The SOPA website links to kiosks to ensure events and points of interest are promoted on the display, amplifying messages that would otherwise only be online.
The emergency alert function provides SOPA with an instant platform to communicate with precinct users. This could be in the event of major public transport disruptions, inclement weather, a police or emergency services operation or a threat to public health and safety.
As we are on the path to recovery, Kiosks can be used to analyse and understand visitor data from the precinct, including monitoring changes in footfall within the precinct during COVID-19 and as events continue to open up.

Design Challenge

SOPA encompasses Australia’s largest events precinct; 430ha of parkland and a growing community of residents, students and businesses, welcoming over 10 million people each year. However, research conducted from 2015-2018 concluded that up to 77% of visitors attended the precinct between only 1-4 times yearly, causing low familiarity of the area. Furthermore, 50% of those people were unsatisfied with the ease at which they could find their destination within The Park.

SOPA’s objectives lay in the enhanced user experience and build of the kiosks to capture data and understand how people were using the precinct, and inform future decision making. The kiosks designed needed to be fit for external weather challenges, touch screen enabled for ease of navigation, while supplying a value exchange for users through the Wi-Fi and directional offering throughout the precinct. The interface required easier accessibility for wheelchair users by effectively ‘adjusting’ the screens to alternative heights.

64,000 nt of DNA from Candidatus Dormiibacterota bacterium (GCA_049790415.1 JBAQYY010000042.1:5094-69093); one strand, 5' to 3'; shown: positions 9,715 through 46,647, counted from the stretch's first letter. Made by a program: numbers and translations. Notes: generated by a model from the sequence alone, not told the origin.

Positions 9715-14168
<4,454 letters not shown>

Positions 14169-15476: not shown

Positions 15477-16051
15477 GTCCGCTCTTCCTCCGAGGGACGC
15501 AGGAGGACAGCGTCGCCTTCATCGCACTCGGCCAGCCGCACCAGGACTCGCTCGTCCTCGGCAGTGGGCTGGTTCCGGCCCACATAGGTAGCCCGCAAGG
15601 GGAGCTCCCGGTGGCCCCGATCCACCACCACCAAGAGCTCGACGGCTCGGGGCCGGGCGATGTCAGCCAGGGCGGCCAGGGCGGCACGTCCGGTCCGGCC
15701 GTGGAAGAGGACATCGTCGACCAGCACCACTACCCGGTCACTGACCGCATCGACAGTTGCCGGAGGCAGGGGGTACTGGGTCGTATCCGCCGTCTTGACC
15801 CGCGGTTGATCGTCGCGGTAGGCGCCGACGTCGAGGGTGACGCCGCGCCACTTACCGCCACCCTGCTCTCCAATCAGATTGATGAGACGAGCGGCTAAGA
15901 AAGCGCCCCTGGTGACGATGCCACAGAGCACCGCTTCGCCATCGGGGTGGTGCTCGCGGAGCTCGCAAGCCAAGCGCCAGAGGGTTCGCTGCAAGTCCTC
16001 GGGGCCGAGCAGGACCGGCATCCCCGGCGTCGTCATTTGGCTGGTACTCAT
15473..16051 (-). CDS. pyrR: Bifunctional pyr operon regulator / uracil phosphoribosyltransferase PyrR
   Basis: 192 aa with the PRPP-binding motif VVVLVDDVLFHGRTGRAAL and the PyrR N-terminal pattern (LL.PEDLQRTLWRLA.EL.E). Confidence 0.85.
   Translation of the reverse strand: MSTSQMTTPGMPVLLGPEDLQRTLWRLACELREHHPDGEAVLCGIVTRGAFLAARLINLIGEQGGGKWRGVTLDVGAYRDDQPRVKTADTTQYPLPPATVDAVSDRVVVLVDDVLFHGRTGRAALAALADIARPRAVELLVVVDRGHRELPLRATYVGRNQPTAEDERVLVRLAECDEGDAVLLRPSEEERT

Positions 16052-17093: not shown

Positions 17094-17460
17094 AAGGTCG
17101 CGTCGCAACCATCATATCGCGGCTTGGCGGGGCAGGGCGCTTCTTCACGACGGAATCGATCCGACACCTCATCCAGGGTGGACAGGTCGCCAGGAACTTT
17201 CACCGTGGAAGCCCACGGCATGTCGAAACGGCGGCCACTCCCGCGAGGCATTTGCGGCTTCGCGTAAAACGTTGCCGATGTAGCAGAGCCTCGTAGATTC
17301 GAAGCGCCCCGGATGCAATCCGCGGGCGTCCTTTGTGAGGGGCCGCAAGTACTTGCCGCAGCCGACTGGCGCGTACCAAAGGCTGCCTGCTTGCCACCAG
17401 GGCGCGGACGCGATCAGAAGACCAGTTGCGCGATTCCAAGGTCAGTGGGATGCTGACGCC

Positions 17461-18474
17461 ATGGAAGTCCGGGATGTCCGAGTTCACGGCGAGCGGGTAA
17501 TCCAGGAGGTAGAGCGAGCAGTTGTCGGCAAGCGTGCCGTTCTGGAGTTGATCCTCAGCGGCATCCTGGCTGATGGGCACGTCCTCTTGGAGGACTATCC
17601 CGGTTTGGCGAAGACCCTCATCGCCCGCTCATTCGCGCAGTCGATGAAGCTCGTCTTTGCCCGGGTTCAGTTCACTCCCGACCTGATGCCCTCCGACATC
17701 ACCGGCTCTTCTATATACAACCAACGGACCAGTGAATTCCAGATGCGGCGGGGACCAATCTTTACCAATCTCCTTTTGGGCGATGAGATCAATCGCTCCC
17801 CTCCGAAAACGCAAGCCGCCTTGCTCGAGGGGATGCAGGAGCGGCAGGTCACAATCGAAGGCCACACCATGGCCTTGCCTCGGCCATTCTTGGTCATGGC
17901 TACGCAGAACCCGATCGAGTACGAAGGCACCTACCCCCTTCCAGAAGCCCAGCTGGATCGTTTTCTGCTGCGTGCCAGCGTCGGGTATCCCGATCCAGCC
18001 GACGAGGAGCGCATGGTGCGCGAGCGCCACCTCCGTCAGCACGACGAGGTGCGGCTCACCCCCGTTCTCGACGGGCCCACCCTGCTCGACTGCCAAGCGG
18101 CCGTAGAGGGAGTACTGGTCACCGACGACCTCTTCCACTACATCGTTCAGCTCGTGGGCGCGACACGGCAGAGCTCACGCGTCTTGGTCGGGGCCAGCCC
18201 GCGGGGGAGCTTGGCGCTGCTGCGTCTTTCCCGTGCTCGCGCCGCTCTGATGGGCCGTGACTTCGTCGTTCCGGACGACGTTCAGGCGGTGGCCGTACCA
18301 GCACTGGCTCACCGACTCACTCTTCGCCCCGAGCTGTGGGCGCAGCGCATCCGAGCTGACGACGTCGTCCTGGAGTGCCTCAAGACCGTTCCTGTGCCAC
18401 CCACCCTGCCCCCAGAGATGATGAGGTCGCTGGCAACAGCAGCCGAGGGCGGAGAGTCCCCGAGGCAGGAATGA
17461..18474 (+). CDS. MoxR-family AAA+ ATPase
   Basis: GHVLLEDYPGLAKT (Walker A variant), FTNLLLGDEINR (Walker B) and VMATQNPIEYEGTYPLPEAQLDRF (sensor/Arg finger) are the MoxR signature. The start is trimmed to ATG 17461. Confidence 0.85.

Kiosks are used in several capacities:
• Highlighting public art
• Promoting transport in proximity to transport links
• Advise on road closures, 'What's on and local business offerings boosting ancillary economic activity
• Data collection determining which new shops or services would appeal most to customers

The kiosks required ability to update and display emergency or public service announcements throughout the precinct almost instantaneously, an opportunity which oOh! made possible. This has demonstrated to be a crucial element of design to connect with citizens in the wake of Covid-19.

Sustainability

The kiosks high resolution displays are engineered to be durable, secure, resistant to harsh weather conditions and easily viewed in direct sunlight. SOPA and oOh!’s collaborative software design process, would enable content from the Sydney Olympic Park website to be seamlessly pushed onto the kiosks.

Smart City device reporting on local environmental factors via nitrogen dioxide & carbon dioxide sensors is available to oOh! and SOPA through the kiosks. The in-built sensors report temperature, humidity, pollution levels and air pressure into an online dashboard to observe local environmental patterns. Nitrogen dioxide levels can be monitored and compared against the DPIE Air Quality Index, and this information can be used to display messaging about health risks such as air quality, like during bushfire seasons. This truly demonstrates an innovative way in which the community is at the core of the development of the wayfinding kiosks.

The kiosk housings are made of powder coated sheet metal with an estimated life span of at least 20 years. This means that SOPA will not need to reinvest in wayfinding structures, reducing any future environmental waste.




This award celebrates creativity and innovation in the process of designing and shaping cities, towns and villages, and is about making connections between people and places, movement and urban form, nature and the built fabric. Consideration given to giving form, shape and character to groups of buildings, streets and public spaces, transport systems, services and amenities, whole neighbourhoods and districts, and entire cities, to make urban areas functional, attractive and sustainable.